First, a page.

UK Aug House Prices Slump on Month; Consumers Downbeat On Finances …

by Shelton on August 24th, 2012

filed under Finances

UK households continue to feel the pinch as house prices post their biggest drop on record for the month of August while Britons spending plans remained constrained, a trio of surveys showed Monday.

Online estate agency Rightmove said UK house prices fell 2.4% on the month in August following a 1.7% fall in July.

Estate agents are always aiming to win new sellers, but if whats already on the market isnt shifting then the best advice they can give to potential new sellers is to undercut those properties already failing to sell, said Miles Shipside, Rightmove director and housing market analyst.

Rightmove also reported prices were 2% higher in August compared with a year ago, a lower gain than the 2.3% year-on-year increase reported in July.

The survey shows that the number of new sellers in August was higher than a year ago and could suggest there are more home-owners who are in a position where they must sell their home. That could be due to a number of reasons, including difficulties in making their monthly mortgage repayments to fears over job security.

According to data firm Markit and high street bank Lloyds TSB, the majority of consumers are still experiencing tough financial conditions. Both released surveys Monday showing that consumers remain cautious over spending plans and said weak earnings growth meant that despite the slower pace of inflation, cash availability fell in July from June.

Markit, however, said there was a welcome, if small, sign of improvement as its overall household finances index rose to a balance of 38.9 in July from 37.5 in June was the least negative–a balance below 50 signals a deterioration in personal finances–for over two-and-a-half years, lifted higher by a stabilization in debt levels as well as expectations of lower inflation.

The overall strain on finances was the least marked since December 2010, and hopes of a reduced squeeze on real incomes meant that households are the least downbeat about the financial outlook for almost two-and-a-half years, said Tim Moore, senior economist at Markit.

Less welcome will be the muted household spending patterns shown by Augusts survey, which add to concerns about worsening business conditions at home and in key export markets, Mr. Moore said.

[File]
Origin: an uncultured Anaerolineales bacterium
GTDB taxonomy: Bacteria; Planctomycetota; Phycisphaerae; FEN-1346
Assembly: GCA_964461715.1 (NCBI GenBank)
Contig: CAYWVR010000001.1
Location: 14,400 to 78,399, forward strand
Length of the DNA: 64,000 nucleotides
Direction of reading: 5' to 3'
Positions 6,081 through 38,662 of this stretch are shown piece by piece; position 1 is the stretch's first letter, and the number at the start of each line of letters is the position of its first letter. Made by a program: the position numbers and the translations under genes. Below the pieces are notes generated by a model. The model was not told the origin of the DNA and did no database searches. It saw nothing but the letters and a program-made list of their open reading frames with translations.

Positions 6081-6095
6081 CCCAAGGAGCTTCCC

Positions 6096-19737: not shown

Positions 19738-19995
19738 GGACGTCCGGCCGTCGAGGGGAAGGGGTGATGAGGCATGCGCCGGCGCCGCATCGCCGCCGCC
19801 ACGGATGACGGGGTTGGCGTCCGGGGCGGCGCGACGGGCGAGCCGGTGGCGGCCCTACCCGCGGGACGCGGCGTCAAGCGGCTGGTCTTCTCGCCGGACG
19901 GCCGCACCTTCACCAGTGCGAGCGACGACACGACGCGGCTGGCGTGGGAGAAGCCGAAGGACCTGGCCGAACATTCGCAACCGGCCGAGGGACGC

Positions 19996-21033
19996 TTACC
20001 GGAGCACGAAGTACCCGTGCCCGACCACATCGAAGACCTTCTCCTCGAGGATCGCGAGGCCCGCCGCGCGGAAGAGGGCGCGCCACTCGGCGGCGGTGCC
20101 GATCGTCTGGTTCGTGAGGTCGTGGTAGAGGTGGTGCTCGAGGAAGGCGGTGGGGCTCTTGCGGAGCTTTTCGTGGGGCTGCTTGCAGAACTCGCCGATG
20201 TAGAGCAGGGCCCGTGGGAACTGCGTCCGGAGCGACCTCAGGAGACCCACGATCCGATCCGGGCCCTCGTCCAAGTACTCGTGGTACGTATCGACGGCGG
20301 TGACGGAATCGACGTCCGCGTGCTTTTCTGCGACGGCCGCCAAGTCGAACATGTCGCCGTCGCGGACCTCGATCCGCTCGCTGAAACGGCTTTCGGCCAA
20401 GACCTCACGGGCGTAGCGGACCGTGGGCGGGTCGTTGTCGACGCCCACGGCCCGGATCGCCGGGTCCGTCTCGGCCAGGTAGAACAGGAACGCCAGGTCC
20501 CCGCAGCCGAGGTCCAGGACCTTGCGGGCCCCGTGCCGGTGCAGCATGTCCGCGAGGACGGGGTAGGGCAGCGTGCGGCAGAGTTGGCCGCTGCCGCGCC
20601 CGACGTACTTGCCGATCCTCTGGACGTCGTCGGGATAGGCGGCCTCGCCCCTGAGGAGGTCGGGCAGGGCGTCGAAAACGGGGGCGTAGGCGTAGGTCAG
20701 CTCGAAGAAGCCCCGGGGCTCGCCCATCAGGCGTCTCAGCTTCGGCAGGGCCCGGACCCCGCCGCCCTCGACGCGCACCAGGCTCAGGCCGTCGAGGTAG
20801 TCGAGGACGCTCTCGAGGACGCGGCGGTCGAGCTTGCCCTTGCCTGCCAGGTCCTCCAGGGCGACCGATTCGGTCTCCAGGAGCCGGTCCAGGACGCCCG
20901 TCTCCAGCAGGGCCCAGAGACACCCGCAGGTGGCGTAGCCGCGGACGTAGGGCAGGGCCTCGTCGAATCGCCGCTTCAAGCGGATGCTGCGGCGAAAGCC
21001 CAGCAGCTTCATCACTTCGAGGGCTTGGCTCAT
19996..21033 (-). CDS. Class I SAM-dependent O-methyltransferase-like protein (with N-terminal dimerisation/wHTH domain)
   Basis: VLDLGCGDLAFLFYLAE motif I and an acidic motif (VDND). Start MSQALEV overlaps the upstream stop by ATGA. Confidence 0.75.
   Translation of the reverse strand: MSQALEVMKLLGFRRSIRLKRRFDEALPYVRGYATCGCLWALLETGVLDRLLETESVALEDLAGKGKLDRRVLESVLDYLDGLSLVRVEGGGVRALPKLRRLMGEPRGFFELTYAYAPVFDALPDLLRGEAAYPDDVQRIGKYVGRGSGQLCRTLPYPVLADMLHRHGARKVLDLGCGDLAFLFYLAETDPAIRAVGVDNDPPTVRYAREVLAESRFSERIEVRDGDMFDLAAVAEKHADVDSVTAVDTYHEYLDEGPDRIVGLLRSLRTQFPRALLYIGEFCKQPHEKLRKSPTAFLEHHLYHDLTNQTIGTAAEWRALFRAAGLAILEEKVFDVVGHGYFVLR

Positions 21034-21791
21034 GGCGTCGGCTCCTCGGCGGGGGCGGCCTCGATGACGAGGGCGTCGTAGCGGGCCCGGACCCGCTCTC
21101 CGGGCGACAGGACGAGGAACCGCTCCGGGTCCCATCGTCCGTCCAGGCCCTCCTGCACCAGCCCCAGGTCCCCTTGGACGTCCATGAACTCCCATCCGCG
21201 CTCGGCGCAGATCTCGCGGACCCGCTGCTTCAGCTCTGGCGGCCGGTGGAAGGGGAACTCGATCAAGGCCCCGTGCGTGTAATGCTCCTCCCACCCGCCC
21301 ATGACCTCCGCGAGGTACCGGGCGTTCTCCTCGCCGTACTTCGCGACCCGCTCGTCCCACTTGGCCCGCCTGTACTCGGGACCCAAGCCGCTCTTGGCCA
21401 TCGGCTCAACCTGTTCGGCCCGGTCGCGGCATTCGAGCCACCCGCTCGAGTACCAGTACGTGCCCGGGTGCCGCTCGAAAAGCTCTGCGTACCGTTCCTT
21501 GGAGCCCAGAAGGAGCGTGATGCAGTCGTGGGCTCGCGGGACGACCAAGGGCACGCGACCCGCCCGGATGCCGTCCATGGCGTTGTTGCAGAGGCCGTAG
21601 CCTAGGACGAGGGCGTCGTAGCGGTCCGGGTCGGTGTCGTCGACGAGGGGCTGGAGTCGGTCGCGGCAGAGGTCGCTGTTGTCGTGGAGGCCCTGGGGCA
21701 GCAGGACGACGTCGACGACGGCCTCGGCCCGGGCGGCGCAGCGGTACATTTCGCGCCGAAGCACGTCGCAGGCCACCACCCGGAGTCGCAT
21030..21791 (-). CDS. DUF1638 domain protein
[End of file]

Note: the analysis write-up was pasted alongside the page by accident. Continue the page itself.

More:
It is the lack of cash flowing through the economy that is weighing on the economy–UK gross domestic product has contracted for three straight quarters–and a major concern for the Bank of England and government, leading to the creation of the funding for Lending Scheme.

The BOE and UK Treasurys FLS opened for business earlier this month in the hope that banks will increase mortgage and businesses lending in return for cheaper funds from the central bank.

With UK house prices having fallen on the month more often than they have risen so far year, it is becoming more of a buyers market. This development could actually drive demand for mortgages, and if the FLS works and does encourage more lending, it could boost activity in the sluggish housing market as well as helping to get more money back into the economy.

Indeed, the surveys show that the FLS couldnt have begun soon enough as financial concerns and ongoing fears over job security remain.

News that the economy shrank in the second quarter of the year would appear to be dampening spirits towards the UKs financial situation, said Jatin Patel, director of current accounts at Lloyds TSB.

Annual growth in essential spending is not putting downward pressure on budgets in the same way as it was earlier in the year, but with income growth still weak, we are yet to see any noticeable improvement in the amount of money people have left over for discretionary purchases. Until we see this, spending on the high street will likely remain subdued for many in the near future, Mr. Patel said.

Write to Ilona Billington at

Copyright copy; 2012 Dow Jones Newswires

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